spinal shock

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shock

 [shok]
1. a sudden disturbance of mental equilibrium.
2. a condition of acute peripheral circulatory failure due to derangement of circulatory control or loss of circulating fluid. It is marked by hypotension and coldness of the skin, and often by tachycardia and anxiety. Untreated shock can be fatal. Called also circulatory collapse.

Mechanisms of Circulatory Shock. The essentials of shock are easier to understand if the circulatory system is thought of as a four-part mechanical device made up of a pump (the heart), a complex system of flexible tubes (the blood vessels), a circulating fluid (the blood), and a fine regulating system or “computer” (the nervous system) designed to control fluid flow and pressure. The diameter of the blood vessels is controlled by impulses from the nervous system which cause the muscular walls to contract. The nervous system also affects the rapidity and strength of the heartbeat, and thereby the blood pressure as well.



Shock, which is associated with a dangerously low blood pressure, can be produced by factors that attack the strength of the heart as a pump, decrease the volume of the blood in the system, or permit the blood vessels to increase in diameter.
Types of Circulatory Shock. There are five main types: Hypovolemic (low-volume) shock occurs whenever there is insufficient blood to fill the circulatory system. Neurogenic shock is due to disorders of the nervous system. Anaphylactic (allergic) shock and septic shock are both due to reactions that impair the muscular functioning of the blood vessels. And cardiogenic shock is caused by impaired function of the heart.
Hypovolemic (Low-Volume) Shock. This is a common type that happens when blood or plasma is lost in such quantities that the remaining blood cannot fill the circulatory system despite constriction of the blood vessels. The blood loss may be external, as when a vessel is severed by an injury, or the blood may be “lost” into spaces inside the body where it is no longer accessible to the circulatory system, as in severe gastrointestinal bleeding from ulcers, fractures of large bones with hemorrhage into surrounding tissues, or major burns that attract large quantities of blood fluids to the burn site outside blood vessels and capillaries. The treatment of hypovolemic shock requires replacement of the lost volume.
Neurogenic Shock. This type, often accompanied by fainting, may be brought on by severe pain, fright, unpleasant sights, or other strong stimuli that overwhelm the usual regulatory capacity of the nervous system. The diameter of the blood vessels increases, the heart slows, and the blood pressure falls to the point where the supply of oxygen carried by the blood to the brain is insufficient, which can bring on fainting. Placing the head lower than the body is usually sufficient to relieve this form of shock.
Anaphylactic (Allergic) Shock. This type (see also anaphylaxis) is a rare phenomenon that occurs when a person receives an injection of a foreign protein but is highly sensitive to it. The blood vessels and other tissues are affected directly by the allergic reaction. Within a few minutes, the blood pressure falls and severe dyspnea develops. The sudden deaths that in rare cases follow bee stings or injection of certain medicines are due to anaphylactic reactions.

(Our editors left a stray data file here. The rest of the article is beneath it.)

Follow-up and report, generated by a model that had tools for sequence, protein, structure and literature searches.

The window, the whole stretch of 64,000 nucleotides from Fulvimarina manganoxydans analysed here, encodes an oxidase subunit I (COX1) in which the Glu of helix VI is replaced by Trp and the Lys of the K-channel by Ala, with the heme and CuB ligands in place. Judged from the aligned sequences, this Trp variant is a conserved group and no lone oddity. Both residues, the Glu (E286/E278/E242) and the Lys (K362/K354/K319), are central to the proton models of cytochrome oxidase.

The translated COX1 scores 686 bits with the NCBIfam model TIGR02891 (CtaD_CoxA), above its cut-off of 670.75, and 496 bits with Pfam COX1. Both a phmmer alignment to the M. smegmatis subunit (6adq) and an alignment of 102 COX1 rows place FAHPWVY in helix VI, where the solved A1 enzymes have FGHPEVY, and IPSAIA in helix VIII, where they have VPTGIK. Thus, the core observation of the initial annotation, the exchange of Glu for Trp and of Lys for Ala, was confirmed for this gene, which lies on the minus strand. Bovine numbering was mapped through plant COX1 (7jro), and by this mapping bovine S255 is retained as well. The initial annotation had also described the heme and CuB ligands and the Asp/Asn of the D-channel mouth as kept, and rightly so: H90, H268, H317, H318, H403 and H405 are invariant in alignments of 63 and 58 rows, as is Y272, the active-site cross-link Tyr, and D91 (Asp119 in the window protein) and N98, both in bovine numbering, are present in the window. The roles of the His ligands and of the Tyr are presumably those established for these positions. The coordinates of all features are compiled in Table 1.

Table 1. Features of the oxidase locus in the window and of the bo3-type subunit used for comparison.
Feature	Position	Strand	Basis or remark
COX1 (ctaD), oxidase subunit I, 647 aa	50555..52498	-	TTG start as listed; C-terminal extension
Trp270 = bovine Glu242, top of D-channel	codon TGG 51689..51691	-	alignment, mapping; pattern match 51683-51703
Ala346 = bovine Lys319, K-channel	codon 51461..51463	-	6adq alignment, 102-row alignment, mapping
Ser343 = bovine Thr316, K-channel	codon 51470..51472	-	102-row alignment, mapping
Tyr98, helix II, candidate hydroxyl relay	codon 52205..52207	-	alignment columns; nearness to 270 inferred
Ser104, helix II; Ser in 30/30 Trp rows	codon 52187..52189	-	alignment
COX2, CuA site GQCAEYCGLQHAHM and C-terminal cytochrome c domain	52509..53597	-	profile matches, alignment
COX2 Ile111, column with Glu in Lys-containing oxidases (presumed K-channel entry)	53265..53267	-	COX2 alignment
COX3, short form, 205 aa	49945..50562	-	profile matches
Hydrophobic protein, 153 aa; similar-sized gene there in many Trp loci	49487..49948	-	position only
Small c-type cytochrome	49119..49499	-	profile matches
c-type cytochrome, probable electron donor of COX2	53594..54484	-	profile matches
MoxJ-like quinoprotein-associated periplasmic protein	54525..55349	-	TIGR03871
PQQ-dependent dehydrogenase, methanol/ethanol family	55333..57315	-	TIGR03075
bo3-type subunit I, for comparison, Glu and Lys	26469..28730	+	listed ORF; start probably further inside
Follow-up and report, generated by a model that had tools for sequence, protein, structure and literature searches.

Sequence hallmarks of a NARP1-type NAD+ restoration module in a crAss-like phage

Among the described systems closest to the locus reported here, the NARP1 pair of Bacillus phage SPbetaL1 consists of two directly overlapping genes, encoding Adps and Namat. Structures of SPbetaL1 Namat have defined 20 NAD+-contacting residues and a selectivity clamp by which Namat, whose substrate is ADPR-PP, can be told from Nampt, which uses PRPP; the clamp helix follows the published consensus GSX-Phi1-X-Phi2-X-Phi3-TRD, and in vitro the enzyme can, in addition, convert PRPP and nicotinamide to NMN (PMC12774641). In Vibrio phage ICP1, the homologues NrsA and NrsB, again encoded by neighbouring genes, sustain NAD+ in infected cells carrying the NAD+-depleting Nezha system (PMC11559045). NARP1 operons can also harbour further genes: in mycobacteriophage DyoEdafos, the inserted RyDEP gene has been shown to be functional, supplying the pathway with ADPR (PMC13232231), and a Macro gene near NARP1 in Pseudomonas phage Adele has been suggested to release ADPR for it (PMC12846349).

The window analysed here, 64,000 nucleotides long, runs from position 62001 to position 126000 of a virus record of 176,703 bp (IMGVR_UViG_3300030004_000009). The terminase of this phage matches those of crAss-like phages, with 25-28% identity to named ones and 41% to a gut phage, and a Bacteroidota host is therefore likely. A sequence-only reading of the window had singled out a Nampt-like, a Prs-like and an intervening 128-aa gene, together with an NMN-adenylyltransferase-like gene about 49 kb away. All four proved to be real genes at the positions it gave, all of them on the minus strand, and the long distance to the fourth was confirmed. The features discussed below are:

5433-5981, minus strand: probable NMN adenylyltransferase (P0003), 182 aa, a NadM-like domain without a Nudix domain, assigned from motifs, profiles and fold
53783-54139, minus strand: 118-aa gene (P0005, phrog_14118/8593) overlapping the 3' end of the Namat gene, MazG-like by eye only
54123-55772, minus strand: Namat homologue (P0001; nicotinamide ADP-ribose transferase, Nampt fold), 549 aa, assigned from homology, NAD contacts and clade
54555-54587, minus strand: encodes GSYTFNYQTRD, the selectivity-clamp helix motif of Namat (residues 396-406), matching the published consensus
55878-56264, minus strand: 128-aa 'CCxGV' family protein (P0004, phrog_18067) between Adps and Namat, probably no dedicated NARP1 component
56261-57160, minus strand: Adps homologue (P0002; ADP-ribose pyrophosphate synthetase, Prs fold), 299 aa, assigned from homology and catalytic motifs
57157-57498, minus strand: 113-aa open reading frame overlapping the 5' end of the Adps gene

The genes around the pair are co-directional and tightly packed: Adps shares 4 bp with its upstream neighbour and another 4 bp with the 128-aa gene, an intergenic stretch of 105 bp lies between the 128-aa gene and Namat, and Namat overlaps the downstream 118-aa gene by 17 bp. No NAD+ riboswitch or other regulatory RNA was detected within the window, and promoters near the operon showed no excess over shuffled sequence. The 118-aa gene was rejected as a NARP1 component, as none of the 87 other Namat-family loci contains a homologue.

Septic Shock. This type, resulting from bacterial infection, is being recognized with increasing frequency. Certain organisms contain a toxin that seems to act on the blood vessels when it is released into the bloodstream. The blood eventually pools within parts of the circulatory system that expand easily, causing the blood pressure to drop sharply. Gram-negative shock is a form of septic shock due to infection with gram-negative bacteria.
Cardiogenic Shock. This type may be caused by conditions that interfere with the function of the heart as a pump, such as severe myocardial infarction, severe heart failure, and certain disorders of rate and rhythm.
Pathogenesis of shock. (ARDS = adult respiratory distress syndrome, GI = gastrointestinal, IL = interleukin, TNF = tumor necrosis factor.) From Damjanov, 2000.
anaphylactic shock see anaphylactic shock.
cardiogenic shock shock resulting from primary failure of the heart in its pumping function, as in myocardial infarction, severe cardiomyopathy, or mechanical obstruction or compression of the heart; clinical characteristics are similar to those of hypovolemic shock.
colloidoclastic shock colloidoclasia.
cultural shock feelings of helplessness and discomfort experienced by an outsider attempting to comprehend or effectively adapt to a different cultural group or unfamiliar cultural context.
electric shock see electric shock.
hypovolemic shock shock resulting from insufficient blood volume for the maintenance of adequate cardiac output, blood pressure, and tissue perfusion. Without modification the term refers to absolute hypovolemic shock caused by acute hemorrhage or excessive fluid loss. Relative hypovolemic shock refers to a situation in which the blood volume is normal but insufficient because of widespread vasodilation as in neurogenic shock or septic shock. Clinical characteristics include hypotension; hyperventilation; cold, clammy, cyanotic skin; a weak and rapid pulse; oliguria; and mental confusion, combativeness, or anxiety.
insulin shock a hypoglycemic reaction to overdosage of insulin, a skipped meal, or strenuous exercise in an insulin-dependent diabetic, with tremor, dizziness, cool moist skin, hunger, and tachycardia; if untreated it may progress to coma and convulsions.
respirator shock circulatory shock due to interference with the flow of blood through the great vessels and chambers of the heart, causing pooling of blood in the veins and the abdominal organs and a resultant vascular collapse. The condition sometimes occurs as a result of increased intrathoracic pressure in patients who are being maintained on a mechanical ventilator.